The Sage of Mecosta, Michigan Russell Kirk told us 40 years ago, that our divergence from an authentic liberal-arts education would bring eventual chaos. He was right. And we are, now, victims of that against which he cautioned.

What is the source of our current problematic variation? It comes from the progressivist-meliorist pipedream that chronological change assumes human progress. The verisimilitude — the appearance of being true — of the Hegelian formula: thesis-antithesis-synthesis, implies progress. But to claim it is actual progress is an ipse dixit: "an unsupported assertion, usually by a person of standing; a dictum." If we are so sure that the thesis is not true and thus should be changed, and neither is the antithesis sufficiently true, then by what metaphysic can we believe that any arrived at synthesis will bring us to the truth? This is relativistic nonsense.

Those who hold to the Hegelian dialectic (Santayana regarded it as nonsense) believe that the process itself is progressive. But suppose, e.g., the thesis is true, and the antithesis is false, will the synthesis be more true than the thesis? Is not the synthesis then, retrogressive? In our "consensus" culture, collective agreement, for whatever noble utilitarian reason, is regarded as more important than is the actual truth. Only those who do not ascribe to absolute truth can subscribe to the Hegelian dialectic. Humans, with our misinformed hopes, believe that we are intellectually and beneficially evolving. So, in our arrogance, we repeat the errors of the past.

Santayana wrote that "Fanaticism consists in doubling our effort when you have forgotten your aim." This is good, but I would prefer to relate my more-appropriate-to-our-current -malaise "Mr. Dooley" — Finley Peter Dunne — style definition: "A fanatic is one who blows harder when findin' that no matter how much air he's displacin' he hasn't stirred a feather in the direction he was hopin' for."

I am not a cynic, and I know that there are educational institutions where true liberal-arts are taught. But, more and more grant-dependent universities believe that their survival depends upon political correctness. The wise parent will not pay the big bucks to those universities that are so fundamentally flawed.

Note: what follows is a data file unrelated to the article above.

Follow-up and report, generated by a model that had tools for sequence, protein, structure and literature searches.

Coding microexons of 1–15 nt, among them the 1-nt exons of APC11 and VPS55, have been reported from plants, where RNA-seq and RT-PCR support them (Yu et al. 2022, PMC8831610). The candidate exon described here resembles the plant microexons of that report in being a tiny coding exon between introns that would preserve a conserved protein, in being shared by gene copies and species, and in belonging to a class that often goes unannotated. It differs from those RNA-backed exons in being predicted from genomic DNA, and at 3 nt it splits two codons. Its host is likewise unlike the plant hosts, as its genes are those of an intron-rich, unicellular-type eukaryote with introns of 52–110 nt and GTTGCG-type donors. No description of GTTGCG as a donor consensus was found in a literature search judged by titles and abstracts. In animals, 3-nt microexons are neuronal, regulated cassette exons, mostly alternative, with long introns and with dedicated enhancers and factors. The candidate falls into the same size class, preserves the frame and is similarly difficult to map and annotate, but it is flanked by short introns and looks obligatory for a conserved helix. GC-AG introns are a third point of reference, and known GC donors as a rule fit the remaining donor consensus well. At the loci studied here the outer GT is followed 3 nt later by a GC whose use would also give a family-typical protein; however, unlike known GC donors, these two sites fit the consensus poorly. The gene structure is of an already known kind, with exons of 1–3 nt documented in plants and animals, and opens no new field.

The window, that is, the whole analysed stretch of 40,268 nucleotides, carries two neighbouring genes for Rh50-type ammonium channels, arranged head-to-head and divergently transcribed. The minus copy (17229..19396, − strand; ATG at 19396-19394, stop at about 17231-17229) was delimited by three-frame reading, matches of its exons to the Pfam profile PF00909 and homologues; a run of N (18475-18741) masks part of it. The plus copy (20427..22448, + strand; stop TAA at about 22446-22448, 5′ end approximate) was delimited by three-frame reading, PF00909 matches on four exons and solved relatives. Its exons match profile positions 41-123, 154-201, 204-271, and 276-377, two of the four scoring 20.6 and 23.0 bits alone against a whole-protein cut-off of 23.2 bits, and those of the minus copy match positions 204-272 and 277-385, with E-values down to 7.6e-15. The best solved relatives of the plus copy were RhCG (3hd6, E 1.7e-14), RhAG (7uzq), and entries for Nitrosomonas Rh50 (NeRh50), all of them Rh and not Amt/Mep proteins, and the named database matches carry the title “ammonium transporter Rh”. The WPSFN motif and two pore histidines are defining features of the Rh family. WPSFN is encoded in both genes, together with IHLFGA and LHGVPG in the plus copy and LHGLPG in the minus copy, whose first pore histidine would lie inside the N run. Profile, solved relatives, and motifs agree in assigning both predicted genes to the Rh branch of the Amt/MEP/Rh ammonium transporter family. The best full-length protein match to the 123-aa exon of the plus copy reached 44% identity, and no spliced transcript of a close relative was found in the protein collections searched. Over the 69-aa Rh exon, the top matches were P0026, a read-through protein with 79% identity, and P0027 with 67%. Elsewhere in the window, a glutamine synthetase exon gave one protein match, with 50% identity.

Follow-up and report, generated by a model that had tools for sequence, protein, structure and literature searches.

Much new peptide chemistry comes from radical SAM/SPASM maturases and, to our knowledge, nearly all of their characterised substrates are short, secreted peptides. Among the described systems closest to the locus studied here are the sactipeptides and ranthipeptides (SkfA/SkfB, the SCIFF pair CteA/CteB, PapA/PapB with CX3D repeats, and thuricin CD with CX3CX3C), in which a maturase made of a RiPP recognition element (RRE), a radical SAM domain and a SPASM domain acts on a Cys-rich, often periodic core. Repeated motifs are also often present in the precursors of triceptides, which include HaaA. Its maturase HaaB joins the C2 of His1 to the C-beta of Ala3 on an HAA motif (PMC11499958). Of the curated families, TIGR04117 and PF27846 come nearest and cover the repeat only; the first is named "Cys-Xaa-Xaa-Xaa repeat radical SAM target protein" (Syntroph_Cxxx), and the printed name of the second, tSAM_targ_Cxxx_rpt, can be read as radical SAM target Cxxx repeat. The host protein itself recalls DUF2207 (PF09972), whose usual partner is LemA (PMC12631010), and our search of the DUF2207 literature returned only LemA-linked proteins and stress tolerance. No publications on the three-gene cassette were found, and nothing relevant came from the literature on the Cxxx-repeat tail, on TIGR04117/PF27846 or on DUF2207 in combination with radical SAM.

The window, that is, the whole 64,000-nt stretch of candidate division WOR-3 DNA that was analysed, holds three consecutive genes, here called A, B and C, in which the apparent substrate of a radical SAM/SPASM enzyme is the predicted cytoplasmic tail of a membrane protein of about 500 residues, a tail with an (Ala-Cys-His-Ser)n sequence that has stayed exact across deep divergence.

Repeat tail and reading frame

I wrote this poem a few years back to relate to the confusion of our age of relativism, nihilism, and solipsism.

EVER NOW by Frank Maguire © 2006

I know Iago is my friend because he tells me so.
And to be certain that I call him "friend"
He tells me twice again.
It is Iago's goal that into friendship he must bind me;
So, constantly, he does remind me.

If then, upon his action I reflect,
What friend am I if I suspect?
If 'twixt his acts and words I find confusion,
Is it not my own delusion?

And if I shift 'tween friend or foe,
Am I not wary unto woe?
What is the test I need apply
To know what is the truth and what the lie?

Polonius counsels to himself he must be true;
If that is so is there a time he shan't be true to you?
For Truth is true for all, not one —
A special truth? A special Sun?
From east to west, from first to last;
The Truth is Ever Now, and never past.

*NOTE Biographical History of George Sanatayana:
http://en.wikipedia.org/wiki/George_Santayana
https://www.newcriterion.com/articles.cfm/santayana-kimball-2027
http://chesterton.org/discover/lectures/8heretics.html

© Frank Maguire

 

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Frank Maguire

Frank Maguire was born in Dorchester, MA, 1938, attended schools in Massachusetts, California, and Arizona, where he completed degrees in music and English writing/Journalism. Frank has been married to Helen Isabel Maguire née Estevez of Culver City, California, since 1957. They have six children, 14 grandchildren, and 10 great grandchildren.